|Engine||In-line four-cylinder, 1798cc|
|Gearbox||4-speed manual with overdrive|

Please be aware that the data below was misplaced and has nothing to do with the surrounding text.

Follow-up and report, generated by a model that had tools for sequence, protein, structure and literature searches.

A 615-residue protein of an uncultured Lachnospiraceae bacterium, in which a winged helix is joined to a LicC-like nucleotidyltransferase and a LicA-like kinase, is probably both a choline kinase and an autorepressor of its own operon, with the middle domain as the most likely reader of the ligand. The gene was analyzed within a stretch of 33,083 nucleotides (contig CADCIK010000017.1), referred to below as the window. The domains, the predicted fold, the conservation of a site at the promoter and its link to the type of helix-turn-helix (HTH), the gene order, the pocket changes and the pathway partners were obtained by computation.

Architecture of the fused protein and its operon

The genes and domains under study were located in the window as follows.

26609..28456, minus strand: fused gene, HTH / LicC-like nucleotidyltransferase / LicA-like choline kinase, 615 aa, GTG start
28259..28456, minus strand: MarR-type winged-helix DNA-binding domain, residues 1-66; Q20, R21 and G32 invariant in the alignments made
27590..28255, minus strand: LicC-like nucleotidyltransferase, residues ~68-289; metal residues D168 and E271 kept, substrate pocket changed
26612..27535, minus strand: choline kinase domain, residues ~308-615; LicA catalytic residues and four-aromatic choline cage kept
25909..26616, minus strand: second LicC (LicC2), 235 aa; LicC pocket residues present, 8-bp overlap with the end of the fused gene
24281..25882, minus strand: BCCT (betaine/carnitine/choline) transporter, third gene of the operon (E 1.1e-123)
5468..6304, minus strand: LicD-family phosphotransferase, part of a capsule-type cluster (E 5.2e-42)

Arguably Britain's best-loved sports car, the MGB was launched in roadster form in September 1962 and represented a significant step forward over the outgoing MGA. Benefiting from an all-new monocoque chassis design, the 'B' enjoyed a roomier cockpit and better handling, while the familiar B-Series four-cylinder engine was expanded to 1.8-litres to cope with the small weight gain. With Lockheed disc brakes all round, the MGB was not only technically more advanced than the MGA, but proved more civilized as well, with proper wind-up windows and door locks. The recipe of attractive styling, lively performance and great value enabled BMC to dominate the affordable sports car market around the world throughout the 1960s, comfortably outselling rivals like Triumph's TR. In October 1965 Abingdon further enhanced the B's versatility by adding a stylish fixed-head variant, the GT, with a hatchback giving access to a vastly increased boot area, the addition of occasional rear seats and a snug, weatherproof cabin. Nicknamed the 'poor man's Aston Martin' by designer John Thornley, the GT certainly broadened the B's appeal and despite the additional weight penalty, actually had a higher top speed thanks to the superior aerodynamics. The GT had revised suspension settings, including stiffer springs, an anti-roll bar up front and Salisbury-type back axle. The handsome styling, designed in part by Pininfarina, worked well and despite being the most expensive model in the range, the new GT was soon selling well. The entire MGB range was updated in 1967, improvements including an all-synchro gearbox, pre-engaged starter and revised electrics - including an alternator - making the Mark II models more reliable for day-to-day driving. Today the MGB GT is an excellent classic car - cheap to run, reliable, with no shortage of parts or specialists and a strong network of local clubs make ownership a real pleasure.